Stone – some common misconceptions

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19th May 2020

An essay on stone by Danny Hubbard, inspired by on form 18

Stone was not conceived by us, nor for us. Our full lives may be laid out in full, for comparison, and will be simply dwarfed by its longevity. We have not the time nor massive forces at our disposal for such magnificent manufacture.

Stone undergoes a kind of gestation. It is forged by a reaction of immense force, but the vital ingredient of time is what bestows wisdom upon – within – stone . This deepness we are quick to label as “density”, a measure of particles and volume. Yet here we can easily forget: stones contain time. Time from worlds ago and worlds ahead, which is not and will never be our own to live.

When we touch stone, we can almost sense that cool, patient stillness which is beyond our own understanding – our fleeting days and years. We must respect stone’s journey and the formidable vastness of its creation which dwarfs our own. Our aesthetic and scientific assessments of stone are infinitely more juvenile practices when placed next to the life of stone itself. It requires no such analysis from us.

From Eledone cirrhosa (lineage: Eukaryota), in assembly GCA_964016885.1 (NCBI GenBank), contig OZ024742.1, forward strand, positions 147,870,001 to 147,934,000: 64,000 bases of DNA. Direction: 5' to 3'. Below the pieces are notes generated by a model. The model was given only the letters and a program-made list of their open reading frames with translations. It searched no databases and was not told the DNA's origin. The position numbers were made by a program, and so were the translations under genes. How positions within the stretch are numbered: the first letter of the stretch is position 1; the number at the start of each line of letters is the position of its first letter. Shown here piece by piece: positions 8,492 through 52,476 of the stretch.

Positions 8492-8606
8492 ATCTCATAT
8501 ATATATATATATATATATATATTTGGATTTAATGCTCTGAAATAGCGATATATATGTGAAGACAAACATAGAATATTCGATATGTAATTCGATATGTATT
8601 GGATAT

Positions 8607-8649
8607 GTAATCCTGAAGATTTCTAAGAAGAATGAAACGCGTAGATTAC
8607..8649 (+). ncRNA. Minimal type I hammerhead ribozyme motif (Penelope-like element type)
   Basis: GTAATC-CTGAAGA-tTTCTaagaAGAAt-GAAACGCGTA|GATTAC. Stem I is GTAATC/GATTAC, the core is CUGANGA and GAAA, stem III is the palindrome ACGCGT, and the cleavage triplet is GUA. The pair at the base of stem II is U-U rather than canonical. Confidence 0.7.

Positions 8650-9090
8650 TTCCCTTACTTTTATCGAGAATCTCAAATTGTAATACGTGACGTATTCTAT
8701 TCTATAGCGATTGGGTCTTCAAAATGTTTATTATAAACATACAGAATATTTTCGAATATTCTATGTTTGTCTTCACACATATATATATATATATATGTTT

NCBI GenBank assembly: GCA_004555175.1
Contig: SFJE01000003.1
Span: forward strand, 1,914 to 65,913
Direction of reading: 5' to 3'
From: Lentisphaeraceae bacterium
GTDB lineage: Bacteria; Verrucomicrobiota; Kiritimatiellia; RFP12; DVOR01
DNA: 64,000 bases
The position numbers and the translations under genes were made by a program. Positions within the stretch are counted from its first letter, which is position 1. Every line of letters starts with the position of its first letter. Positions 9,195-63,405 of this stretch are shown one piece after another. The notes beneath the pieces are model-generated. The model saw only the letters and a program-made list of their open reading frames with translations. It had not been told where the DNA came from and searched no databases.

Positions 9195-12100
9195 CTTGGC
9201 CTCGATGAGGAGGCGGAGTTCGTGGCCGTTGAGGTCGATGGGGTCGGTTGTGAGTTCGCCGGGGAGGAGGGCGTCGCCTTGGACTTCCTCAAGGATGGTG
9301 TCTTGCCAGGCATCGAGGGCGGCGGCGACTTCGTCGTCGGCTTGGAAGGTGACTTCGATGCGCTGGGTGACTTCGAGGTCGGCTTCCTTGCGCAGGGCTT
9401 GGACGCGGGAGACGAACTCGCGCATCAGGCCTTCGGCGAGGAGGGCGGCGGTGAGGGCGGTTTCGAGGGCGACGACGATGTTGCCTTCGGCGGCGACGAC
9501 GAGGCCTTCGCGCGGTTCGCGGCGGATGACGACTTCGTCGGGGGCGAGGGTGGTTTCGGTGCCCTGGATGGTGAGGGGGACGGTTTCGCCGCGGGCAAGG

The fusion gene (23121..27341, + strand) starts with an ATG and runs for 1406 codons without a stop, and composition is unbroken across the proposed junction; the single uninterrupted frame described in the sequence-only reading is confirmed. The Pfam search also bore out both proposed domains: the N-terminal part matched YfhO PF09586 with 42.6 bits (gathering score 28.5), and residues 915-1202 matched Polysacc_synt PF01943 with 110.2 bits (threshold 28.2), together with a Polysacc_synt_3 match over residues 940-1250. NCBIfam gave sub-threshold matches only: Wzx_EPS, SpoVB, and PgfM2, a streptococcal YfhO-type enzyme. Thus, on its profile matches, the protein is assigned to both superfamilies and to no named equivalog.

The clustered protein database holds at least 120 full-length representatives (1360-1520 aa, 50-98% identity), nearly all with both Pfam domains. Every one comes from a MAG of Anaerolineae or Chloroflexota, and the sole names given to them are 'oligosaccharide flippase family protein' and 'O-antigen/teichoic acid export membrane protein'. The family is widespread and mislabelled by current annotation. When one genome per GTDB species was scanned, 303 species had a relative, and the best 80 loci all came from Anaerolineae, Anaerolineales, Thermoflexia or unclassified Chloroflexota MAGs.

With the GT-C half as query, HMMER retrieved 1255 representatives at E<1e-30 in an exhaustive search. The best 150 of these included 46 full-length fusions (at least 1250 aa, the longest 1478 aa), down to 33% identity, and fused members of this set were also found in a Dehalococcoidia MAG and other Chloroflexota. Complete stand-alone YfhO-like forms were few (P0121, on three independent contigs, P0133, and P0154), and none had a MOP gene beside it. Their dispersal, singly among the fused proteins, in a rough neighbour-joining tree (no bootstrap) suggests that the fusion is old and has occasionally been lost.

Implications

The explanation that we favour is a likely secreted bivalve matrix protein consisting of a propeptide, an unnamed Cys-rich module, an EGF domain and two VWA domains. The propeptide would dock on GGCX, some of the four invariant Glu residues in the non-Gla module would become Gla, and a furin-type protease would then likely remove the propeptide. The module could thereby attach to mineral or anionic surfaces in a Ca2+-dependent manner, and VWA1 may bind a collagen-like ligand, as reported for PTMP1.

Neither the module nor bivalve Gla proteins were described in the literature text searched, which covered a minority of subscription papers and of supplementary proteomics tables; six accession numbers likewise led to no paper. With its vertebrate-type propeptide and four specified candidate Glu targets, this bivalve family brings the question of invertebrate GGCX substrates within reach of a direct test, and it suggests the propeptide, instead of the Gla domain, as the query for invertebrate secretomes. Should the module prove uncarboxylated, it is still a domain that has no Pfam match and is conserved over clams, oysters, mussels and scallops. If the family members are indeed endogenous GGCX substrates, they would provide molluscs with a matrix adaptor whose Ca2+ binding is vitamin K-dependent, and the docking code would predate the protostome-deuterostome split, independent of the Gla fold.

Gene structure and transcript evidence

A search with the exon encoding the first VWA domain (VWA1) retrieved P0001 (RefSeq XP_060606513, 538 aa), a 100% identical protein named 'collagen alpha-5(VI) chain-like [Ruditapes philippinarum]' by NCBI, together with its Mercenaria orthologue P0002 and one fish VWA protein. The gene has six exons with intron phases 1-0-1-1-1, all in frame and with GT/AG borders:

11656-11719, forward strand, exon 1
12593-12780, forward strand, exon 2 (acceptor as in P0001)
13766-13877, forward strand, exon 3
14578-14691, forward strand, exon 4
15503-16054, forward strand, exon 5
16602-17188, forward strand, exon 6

Qualitatively, stone is often described with terms that imply impenetrability. This, however, is another oversight: whilst stone is indeed “dense” compared to other matter, stone was originally open and permeable, gradually hardening over years beyond our reckoning. When considered on such a time-scale, stone is a membrane, which miraculously morphs into smooth intensity under the weight of the ages.

Ages pass, and the stone breathes, though slower in its metabolism than we can understand. We must be careful not to alienate the living process of stone as a mineral resource which is ripe for our exploitation. Stone has metabolised the very earth; it is wholly biological in its origins and holds on: it takes in life, for a time. As stone erodes, it releases the life it took in once again, its corpuscular granules forming minerals, sands and soils.